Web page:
Robin Dawson is just 11 days away from entering the big bad world of professional golf.
But if you think he’s apprehensive about his ability to rub shoulders with the game’s best players, head to Carton House tomorrow to watch him in the Eisenhower Trophy before making up your mind.
The 22-year-old will be easy to spot — 6ft 2in with flaming red hair, a massive entourage from Tramore, and a red-hot golf game that’s been good enough this year to take him to eighth in the World Amateur Golf Rankings.
It’s been a dream campaign for a player who has a back-up plan in the form of a degree in equine business from Maynooth University, where he transformed himself from a hugely talented boys golfer into one of the world’s thoroughbred amateurs.
But there’s no ‘I’ in team, as the Americans like to say, and while the likes of Jon Rahm (2014), Rickie Fowler (2008), Ryan Moore (2004), Hal Sutton (1980), and Jack Nicklaus (1960) all topped the leaderboard in the Eisenhower Trophy as individuals, Dawson would prefer to match Bryson DeChambeau as part of the three-man team that lifted the Eisenhower Trophy in Japan four years ago.
Ireland won their first medal in Mexico in 2016 when Jack Hume, Paul McBride, and Stuart Grehan claimed bronze. Dawson does not believe high expectations will be a problem for him or teammates John Murphy, from Kinsale, or Portmarnock’s Conor Purcell.
“I feed off that and enjoy playing in that kind of environment. That Irish Close is still the favourite tournament I have played so far even though Alex Gleeson beat me on the 19th in the semis.
“I didn’t think I’d be beaten around my home course that week so I think it will suit me here this week too. And I know John Murphy loves a crowd and nothing fazes Conor Purcell, so I think we have a nice threesome who will deal well with the distraction.”
GUI national coach Neil Manchip took Dawson and Purcell to Gleneagles for last week’s Scottish Amateur Strokeplay where the Portmarnock man was second despite being seven over after seven holes of his opening round and Dawson came home tied for 10th.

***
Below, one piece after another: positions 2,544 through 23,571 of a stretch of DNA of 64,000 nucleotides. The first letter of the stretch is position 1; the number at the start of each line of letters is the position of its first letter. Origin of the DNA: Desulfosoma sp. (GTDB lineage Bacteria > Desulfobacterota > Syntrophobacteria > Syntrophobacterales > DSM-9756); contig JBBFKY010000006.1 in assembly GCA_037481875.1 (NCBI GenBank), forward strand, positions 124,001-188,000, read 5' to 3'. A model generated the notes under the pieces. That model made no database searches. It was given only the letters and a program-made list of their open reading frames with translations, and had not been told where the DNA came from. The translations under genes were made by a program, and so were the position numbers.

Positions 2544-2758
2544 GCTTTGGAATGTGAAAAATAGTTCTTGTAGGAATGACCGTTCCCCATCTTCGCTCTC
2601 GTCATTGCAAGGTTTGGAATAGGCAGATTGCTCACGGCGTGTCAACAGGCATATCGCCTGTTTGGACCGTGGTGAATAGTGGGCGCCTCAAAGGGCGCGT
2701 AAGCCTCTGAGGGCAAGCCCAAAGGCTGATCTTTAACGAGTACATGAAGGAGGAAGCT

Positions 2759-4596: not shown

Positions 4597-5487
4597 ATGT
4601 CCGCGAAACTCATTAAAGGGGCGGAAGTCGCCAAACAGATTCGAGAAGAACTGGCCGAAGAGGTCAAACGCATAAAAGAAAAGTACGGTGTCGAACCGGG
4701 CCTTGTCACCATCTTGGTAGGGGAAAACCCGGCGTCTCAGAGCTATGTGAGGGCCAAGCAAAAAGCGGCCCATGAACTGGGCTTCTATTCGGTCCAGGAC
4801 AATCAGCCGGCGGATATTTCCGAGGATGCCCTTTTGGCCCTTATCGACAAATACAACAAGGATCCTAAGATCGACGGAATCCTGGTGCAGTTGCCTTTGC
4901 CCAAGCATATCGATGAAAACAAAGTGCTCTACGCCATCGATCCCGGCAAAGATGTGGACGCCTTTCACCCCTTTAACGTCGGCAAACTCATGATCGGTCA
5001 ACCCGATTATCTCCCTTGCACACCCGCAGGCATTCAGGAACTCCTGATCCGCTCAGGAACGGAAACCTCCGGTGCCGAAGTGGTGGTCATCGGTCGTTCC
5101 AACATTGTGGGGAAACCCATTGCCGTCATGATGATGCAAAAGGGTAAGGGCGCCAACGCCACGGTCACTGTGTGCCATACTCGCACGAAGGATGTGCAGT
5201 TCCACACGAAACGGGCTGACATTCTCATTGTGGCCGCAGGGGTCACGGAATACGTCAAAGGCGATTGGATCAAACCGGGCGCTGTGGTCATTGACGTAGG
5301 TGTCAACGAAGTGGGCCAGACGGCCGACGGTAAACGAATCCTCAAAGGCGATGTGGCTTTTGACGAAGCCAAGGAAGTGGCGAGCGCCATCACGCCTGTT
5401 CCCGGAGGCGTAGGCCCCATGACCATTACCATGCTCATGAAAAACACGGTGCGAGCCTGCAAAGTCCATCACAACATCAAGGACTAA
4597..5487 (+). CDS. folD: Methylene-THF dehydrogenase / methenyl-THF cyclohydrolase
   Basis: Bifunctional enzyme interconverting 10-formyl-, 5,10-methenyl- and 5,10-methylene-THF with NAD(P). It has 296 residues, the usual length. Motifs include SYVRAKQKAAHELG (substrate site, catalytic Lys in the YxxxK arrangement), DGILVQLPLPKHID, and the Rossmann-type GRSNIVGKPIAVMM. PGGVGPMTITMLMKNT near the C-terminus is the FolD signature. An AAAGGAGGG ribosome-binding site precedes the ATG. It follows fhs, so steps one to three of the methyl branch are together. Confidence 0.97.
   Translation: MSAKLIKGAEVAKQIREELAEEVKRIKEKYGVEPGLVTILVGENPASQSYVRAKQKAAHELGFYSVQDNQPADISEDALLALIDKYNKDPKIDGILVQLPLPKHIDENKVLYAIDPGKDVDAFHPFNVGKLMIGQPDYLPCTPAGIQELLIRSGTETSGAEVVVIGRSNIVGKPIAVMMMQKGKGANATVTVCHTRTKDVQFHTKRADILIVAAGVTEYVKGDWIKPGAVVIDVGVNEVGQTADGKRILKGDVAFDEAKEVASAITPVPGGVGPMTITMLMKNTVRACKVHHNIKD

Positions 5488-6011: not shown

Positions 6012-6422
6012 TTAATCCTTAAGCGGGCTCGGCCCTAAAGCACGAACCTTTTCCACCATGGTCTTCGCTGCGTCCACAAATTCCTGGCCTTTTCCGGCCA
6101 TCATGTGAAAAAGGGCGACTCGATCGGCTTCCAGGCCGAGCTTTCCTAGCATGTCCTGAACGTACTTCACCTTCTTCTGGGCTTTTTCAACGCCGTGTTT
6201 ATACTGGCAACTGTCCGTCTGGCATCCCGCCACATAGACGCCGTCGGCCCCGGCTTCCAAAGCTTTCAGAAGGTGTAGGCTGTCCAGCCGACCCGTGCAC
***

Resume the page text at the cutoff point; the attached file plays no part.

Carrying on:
“Everyone is aware of the disadvantages of playing at home,” Manchip said of the challenges they face.
Dawson won the Flogas Irish Amateur Strokeplay at Royal County Down in May, reached the final of the Amateur Championship in June, and finished second in the European Amateur Championship the following week to mark himself out as one of the world’s outstanding amateurs.
It’s little wonder he’s confident. “I am in a nice place,” said Dawson, who is through to the second stage of the European Tour Qualifying School as one of the world’s top 15 amateurs and plans to take the plunge into the professional ranks after next week’s Home Internationals in Wales.
“It’s mad. It’s like a snowball effect. One or two good results and it grows. So I will keep plugging away.
“I have two events left before I turn pro. The Home Internationals next week and the Eisenhower Trophy, which is the one we have been talking about since the start of the year. Golf is an individual sport so if each of us concentrates on what we have to do, we will just add up all our strokes at the end of the week and see where we are.
“We can only control ourselves but I think we are in with a good chance because we have a good group of guys playing well and we know the courses well.”
Dawson respects everyone but fears nobody.
While Australian stars Min Woo Lee, David Micheluzzi, and Shae Wools-Cobb — not to mention Americans Cole Hammer and Justin Suh and Norway’s US Amateur champion Viktor Hovland — are all world class, Ireland’s trio stand comparison with the best.
Dawson is happy to test himself. “I know that if I play well, I will be up there,” he said.
By Brian Keogh – Irish Examiner